As you go through the store and add an item to the shopping cart, it’s easy to remove the corresponding coupon from that store’s pocket (i.e. “CVS,”) and place it in the front pocket of the wallet. Then, when you arrive at the register, simply take the stack of coupons from the front pocket, along with your shopper’s card, and hand it to the cashier. This is a much easier, less labor-intensive method than most people have traditionally used to organize coupons.
The “old” way? Cutting and organizing every single coupon received in the newspaper each week, and carrying all of them to the store for every shopping trip in a large binder. With this method, we only cut the coupons we need for this trip, and each shopping trip can be planned in about a half-hour to an hour.
Another tip if you choose to use a wallet: If your store is out of an item this week, leave that coupon in the corresponding store’s pocket. This will remind you what you need to get rainchecks for before you leave the store. Keep the raincheck in the same pocket as your unused coupons, and the next time you visit the store, the coupon and raincheck will be in your wallet together, ready to redeem.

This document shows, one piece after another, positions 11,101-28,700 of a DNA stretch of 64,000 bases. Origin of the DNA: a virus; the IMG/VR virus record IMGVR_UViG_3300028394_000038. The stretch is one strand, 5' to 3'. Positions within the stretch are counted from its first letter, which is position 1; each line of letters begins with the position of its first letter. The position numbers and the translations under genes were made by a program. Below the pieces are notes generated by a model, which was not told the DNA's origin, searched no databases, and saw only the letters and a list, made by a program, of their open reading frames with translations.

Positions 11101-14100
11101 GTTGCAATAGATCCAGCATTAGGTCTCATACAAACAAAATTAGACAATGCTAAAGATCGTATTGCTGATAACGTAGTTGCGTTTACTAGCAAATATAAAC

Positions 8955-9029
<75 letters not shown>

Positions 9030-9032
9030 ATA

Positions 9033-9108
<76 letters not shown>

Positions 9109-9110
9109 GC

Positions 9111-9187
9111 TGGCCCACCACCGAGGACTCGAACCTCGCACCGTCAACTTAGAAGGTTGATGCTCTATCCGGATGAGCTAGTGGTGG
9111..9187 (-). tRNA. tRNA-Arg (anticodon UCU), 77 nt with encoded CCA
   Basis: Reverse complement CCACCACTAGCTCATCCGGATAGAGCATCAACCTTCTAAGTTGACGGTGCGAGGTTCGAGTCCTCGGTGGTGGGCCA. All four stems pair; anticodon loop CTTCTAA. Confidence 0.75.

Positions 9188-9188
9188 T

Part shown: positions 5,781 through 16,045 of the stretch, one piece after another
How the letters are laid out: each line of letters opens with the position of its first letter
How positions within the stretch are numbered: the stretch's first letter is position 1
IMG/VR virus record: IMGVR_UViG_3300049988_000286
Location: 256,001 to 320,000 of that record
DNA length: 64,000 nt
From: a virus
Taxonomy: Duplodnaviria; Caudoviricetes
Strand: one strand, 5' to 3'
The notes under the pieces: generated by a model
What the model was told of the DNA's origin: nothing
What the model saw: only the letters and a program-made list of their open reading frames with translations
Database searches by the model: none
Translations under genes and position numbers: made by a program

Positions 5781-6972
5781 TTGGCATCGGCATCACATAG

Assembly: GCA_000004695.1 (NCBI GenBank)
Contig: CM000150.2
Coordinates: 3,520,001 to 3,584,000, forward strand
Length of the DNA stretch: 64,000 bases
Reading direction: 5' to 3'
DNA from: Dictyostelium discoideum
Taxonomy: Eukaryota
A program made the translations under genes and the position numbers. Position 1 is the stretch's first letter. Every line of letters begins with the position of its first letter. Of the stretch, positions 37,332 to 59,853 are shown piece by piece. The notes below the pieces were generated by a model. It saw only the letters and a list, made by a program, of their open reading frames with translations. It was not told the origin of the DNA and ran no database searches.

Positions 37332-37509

Looking Up Specific Coupons
Need to find specific coupons in your inserts? Head over to my Coupon Lookup link (powered by CouponTom) and type whatever you’re looking for — either brand names like “Crest,” or products like “toothpaste.” You’ll receive a list of every current coupon insert that contains coupons for those items, like “1/1 PG.” Then, you can simply clip those coupons too and add them to your wallet.
Did you know that you can set the Coupon Lookup so that it specifically shows you which coupons were in the Chicago Tribune versus other inserts in other parts of the country? Here’s how.
The first time you look up a coupon on the site, click the grey megaphone icon to the right of the icon:
You’ll get a popup to select which newspapers to show coupons for. Choose the Chicago Tribune under “My Newspaper” (of course, if you’re in another part of the country, you’d choose your local newspaper.)